On to individual learning. Other than my own section, the presentation that caught my interest was the reign of James 1/King Charles 1 prezi and rap battle. First of all, I will remember the humorous yet informative rap battle (with subtitles!) along with the clear and concise prezi. One thing that made it really easy to remember among the other project was the smooth transition of the prezi, making it easy to follow along and take notes. This presentation confirmed some of my assumptions on this section such as how way back in history, the fight for religion was a lot more prevalent than in today’s society where we have come to accept many different things. They also brought forth some very interesting points, like the fact that James was crowned as King James 6 of Scotland when he was 13 months old. Knowing that it was possible for kings to be crowned at such young ages was certainly not a part of my prior knowledge. Some questions/issues that this entire English Civil War unit raised for me was: What is the meaning of being for the people and especially since I was in the mock trial group, what is the difference between justifying the execution of royalty compared to any other citizen.

As an individual, other than actively taking part in the activities given by the other group, I also kept myself engaged in this unit by taking notes throughout all presentations (except for mine). These notes helped organize my thoughts, especially the order of events because the presentations were not always in chronological order.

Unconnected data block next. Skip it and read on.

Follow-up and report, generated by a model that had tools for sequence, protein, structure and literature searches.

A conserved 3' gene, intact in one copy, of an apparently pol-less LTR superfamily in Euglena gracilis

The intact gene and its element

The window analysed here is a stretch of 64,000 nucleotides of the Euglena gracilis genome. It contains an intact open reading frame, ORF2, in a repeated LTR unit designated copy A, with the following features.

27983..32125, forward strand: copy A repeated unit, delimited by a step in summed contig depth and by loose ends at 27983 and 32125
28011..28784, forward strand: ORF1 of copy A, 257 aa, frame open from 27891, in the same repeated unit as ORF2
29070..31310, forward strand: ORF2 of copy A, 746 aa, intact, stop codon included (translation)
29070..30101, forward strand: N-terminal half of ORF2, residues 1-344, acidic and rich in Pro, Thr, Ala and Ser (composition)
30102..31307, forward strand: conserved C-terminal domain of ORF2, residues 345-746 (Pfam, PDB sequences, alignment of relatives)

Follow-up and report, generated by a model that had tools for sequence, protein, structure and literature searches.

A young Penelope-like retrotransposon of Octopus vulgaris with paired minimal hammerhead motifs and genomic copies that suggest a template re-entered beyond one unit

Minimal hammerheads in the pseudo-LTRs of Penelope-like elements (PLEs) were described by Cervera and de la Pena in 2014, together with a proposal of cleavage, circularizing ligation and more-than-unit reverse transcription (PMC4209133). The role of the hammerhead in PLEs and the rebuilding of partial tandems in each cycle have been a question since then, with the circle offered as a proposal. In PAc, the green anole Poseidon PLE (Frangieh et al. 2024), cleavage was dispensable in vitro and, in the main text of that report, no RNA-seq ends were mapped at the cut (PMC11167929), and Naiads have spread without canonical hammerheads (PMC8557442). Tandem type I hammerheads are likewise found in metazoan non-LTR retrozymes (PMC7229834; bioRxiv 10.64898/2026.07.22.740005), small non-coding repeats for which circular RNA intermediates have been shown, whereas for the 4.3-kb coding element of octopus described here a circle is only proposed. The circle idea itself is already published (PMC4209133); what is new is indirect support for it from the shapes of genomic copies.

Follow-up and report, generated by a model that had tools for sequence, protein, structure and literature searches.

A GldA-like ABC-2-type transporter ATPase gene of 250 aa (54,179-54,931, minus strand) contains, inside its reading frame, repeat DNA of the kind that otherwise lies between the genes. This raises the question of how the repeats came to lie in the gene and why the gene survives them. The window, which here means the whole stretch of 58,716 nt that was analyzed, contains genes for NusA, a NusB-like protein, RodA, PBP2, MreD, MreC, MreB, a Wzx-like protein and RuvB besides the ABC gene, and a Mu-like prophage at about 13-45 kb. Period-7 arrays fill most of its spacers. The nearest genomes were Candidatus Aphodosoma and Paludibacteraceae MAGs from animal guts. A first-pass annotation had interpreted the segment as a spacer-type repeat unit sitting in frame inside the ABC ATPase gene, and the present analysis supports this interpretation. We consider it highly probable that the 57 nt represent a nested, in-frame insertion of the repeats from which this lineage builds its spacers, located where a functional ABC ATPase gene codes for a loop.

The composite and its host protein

If I were to take a similar unit to this in the future, I would try to balance class involvement better. Some projects had a little too much class involvement that it lost the interest of a few and some could have used more class involvement to provoke discussion and to reinforce knowledge. I think that we can definitely improve by finding a better balance. I really liked how we each took a section of the unit, explored that in depth, then shared that knowledge. I think that would work well for future units.

To finally tackle the BIG QUESTION: Who ought we ‘cheer’ for in studying the English Civil War?

I don’t believe that there is one specific answer to this question because it really depends on what social class you were, what religion you believed in, and whereabouts England you lived.  If you were a middle class citizen you were more likely to side with Cromwell and the same if you were a puritan, but if you were a part of the royalty or if you were Protestant you would more likely be supportive of King Charles. Even though there were the common dividers there were some exceptions as proven in the Mock trial that was held. Personally, if I was a part of the English Civil War I would support Oliver Cromwell. I would rather take the risk of improving England than relying on a King that really wasn’t so reliable. As we see in the Civil War Part 2, Cromwell may have not been the greatest guy, but I feel that the roundheads are worth cheering for, just because they had the chance to bring about a great change.